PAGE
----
U.S.

Michael Cohen Could Lose $9 Million NYC Apartment After Offering Up Family Home for Loan Collateral

President Donald Trump’s personal attorney reportedly offered up his $9 million New York apartment as collateral for millions of dollars of debt due to the decline of his taxi medallion business.

Michael Cohen, who is currently the subject of a federal investigation, put up his New York Park Avenue apartment against a debt as high as $12.8 million last month, Bloomberg reported Tuesday afternoon citing public filings. According to the report, Cohen and his wife owed as much as $12.8 million to Sterling National Bank in Montebello, New York.

Prior to working for Trump as a lawyer and “fixer,” Cohen made a fortune in real estate and the previously lucrative New York taxi business. However, the value of the medallions, of which Cohen owns dozens, has dropped precipitously in recent years as ride-sharing services like Uber and Lyft have taken a massive chunk of the taxi market.

“With all due respect, you don’t remotely understand my loan,” said Cohen in response to Bloomberg’s request for comment.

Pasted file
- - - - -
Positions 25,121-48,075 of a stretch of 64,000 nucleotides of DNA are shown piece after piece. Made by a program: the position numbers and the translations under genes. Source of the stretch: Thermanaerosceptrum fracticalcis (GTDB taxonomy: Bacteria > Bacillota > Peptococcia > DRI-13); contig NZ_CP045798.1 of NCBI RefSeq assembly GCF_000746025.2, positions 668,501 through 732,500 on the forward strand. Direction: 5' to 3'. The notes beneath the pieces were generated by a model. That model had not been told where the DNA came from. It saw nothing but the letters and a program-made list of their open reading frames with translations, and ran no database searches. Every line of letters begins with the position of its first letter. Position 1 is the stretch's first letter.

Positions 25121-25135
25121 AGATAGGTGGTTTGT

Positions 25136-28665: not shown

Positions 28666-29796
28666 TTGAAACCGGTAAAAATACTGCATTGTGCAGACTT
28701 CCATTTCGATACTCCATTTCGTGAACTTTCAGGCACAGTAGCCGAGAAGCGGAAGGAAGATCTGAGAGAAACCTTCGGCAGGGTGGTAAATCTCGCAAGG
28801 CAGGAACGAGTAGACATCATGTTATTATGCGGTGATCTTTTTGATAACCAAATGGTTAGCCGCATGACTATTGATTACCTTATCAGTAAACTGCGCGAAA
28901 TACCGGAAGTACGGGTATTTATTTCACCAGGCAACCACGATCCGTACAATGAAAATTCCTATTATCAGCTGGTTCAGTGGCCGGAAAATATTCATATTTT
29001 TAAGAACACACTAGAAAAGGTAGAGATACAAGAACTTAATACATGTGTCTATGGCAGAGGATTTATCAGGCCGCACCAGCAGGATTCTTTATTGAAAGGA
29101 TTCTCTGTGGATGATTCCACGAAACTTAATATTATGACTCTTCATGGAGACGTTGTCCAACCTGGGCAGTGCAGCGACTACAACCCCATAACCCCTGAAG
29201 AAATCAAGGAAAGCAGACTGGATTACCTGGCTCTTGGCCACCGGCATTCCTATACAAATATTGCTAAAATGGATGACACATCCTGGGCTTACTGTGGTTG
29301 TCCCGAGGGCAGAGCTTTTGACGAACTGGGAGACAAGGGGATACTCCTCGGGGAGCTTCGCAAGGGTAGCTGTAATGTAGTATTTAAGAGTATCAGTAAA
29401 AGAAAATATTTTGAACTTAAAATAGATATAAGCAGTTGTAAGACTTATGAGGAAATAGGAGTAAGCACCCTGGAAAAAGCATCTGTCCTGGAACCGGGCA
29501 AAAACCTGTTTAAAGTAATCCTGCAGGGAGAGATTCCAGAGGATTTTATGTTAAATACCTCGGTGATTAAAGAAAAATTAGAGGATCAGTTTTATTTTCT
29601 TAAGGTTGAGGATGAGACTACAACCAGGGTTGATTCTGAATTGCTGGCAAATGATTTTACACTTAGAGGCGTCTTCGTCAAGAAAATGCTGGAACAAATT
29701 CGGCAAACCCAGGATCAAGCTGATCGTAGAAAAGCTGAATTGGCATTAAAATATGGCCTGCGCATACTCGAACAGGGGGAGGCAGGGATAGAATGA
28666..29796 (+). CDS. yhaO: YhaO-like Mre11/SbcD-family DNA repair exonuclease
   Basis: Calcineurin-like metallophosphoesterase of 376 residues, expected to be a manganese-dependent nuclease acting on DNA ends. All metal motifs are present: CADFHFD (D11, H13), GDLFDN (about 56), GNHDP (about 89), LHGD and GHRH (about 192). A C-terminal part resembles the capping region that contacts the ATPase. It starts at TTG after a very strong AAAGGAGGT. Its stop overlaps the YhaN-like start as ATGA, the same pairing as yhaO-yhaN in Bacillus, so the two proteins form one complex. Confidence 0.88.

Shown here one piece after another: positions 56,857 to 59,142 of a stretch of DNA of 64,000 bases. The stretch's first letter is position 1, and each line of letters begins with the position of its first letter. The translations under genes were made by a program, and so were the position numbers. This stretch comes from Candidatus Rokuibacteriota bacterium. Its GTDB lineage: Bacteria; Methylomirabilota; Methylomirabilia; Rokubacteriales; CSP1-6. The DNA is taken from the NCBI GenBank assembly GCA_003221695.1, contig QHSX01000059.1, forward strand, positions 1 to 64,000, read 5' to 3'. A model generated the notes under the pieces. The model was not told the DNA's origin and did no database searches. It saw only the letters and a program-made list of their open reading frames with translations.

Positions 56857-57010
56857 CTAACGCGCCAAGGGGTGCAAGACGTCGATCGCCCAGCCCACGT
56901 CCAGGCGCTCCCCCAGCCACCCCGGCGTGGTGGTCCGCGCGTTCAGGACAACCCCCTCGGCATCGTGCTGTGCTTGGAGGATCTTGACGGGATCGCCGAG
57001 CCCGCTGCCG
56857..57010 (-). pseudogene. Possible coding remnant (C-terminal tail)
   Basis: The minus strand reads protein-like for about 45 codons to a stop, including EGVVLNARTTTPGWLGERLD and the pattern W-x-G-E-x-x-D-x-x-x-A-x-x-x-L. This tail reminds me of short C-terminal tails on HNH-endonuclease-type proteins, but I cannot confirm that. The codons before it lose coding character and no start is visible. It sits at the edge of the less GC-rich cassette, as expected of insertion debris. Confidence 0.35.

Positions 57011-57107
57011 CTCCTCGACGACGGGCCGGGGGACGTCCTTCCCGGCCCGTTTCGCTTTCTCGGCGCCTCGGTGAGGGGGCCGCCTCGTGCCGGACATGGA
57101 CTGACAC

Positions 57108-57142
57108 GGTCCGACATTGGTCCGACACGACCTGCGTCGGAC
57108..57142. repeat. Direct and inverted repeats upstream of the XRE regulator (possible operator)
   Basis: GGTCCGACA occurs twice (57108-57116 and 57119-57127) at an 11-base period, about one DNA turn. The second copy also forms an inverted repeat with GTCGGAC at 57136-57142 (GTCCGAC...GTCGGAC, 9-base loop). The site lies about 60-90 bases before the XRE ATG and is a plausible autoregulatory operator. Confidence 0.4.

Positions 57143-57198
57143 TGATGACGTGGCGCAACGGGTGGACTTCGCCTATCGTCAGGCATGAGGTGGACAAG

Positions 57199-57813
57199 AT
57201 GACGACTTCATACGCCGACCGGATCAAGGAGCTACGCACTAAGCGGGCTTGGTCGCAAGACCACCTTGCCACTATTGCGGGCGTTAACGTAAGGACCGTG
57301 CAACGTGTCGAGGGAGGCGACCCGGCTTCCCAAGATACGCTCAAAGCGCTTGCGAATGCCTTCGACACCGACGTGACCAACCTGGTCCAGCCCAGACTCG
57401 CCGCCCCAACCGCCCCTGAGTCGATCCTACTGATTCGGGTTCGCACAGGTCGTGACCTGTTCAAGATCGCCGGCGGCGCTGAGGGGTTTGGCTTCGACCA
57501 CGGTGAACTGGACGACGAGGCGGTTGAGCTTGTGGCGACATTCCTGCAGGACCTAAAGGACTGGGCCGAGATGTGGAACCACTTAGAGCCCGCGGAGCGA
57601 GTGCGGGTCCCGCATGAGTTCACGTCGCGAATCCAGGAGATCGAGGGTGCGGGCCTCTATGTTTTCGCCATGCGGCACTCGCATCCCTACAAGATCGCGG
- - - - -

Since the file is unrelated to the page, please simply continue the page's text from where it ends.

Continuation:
The report was able to confirm Cohen’s $12.8 million debt in March as the bank had only two other clients in the taxi business. Those two had reportedly already restructured debt by the end of last year or weren't making payments, and thus were ruled out, according to the report. But the bank’s recent liens placed against Cohen’s assets matched the $12.8 million in debt.

GettyImages-951547260 Michael Cohen, longtime personal lawyer and confidante for President Donald Trump, leaves the United States District Court Southern District of New York, in New York, on April 26. Cohen reportedly offered up his $9 million New York apartment as collateral for millions of dollars of debt due to the decline of his taxi medallion business. Getty Images/Spencer Platt

The potential financial woes facing Cohen come as he has been subjected to a federal probe into his businesses as well as the $130,000 payment he made to adult film actress Stormy Daniels (whose real name is Stephanie Clifford), to silence her story about an alleged sexual encounter with Trump in 2006.

The timing of the payment to Daniels—less than two weeks before the 2016 election—has come under heavy scrutiny over whether it represented a contribution to Trump’s campaign intended to impact the outcome of the election. Both Trump and another of his personal attorneys, Rudy Giuliani, confirmed the president had paid Cohen back and that no campaign funds were used to pay off Daniels.

Cohen’s office, hotel and residence were raided last month by federal investigators, who obtained records, documents and other files pertaining to Cohen’s law practice and businesses.

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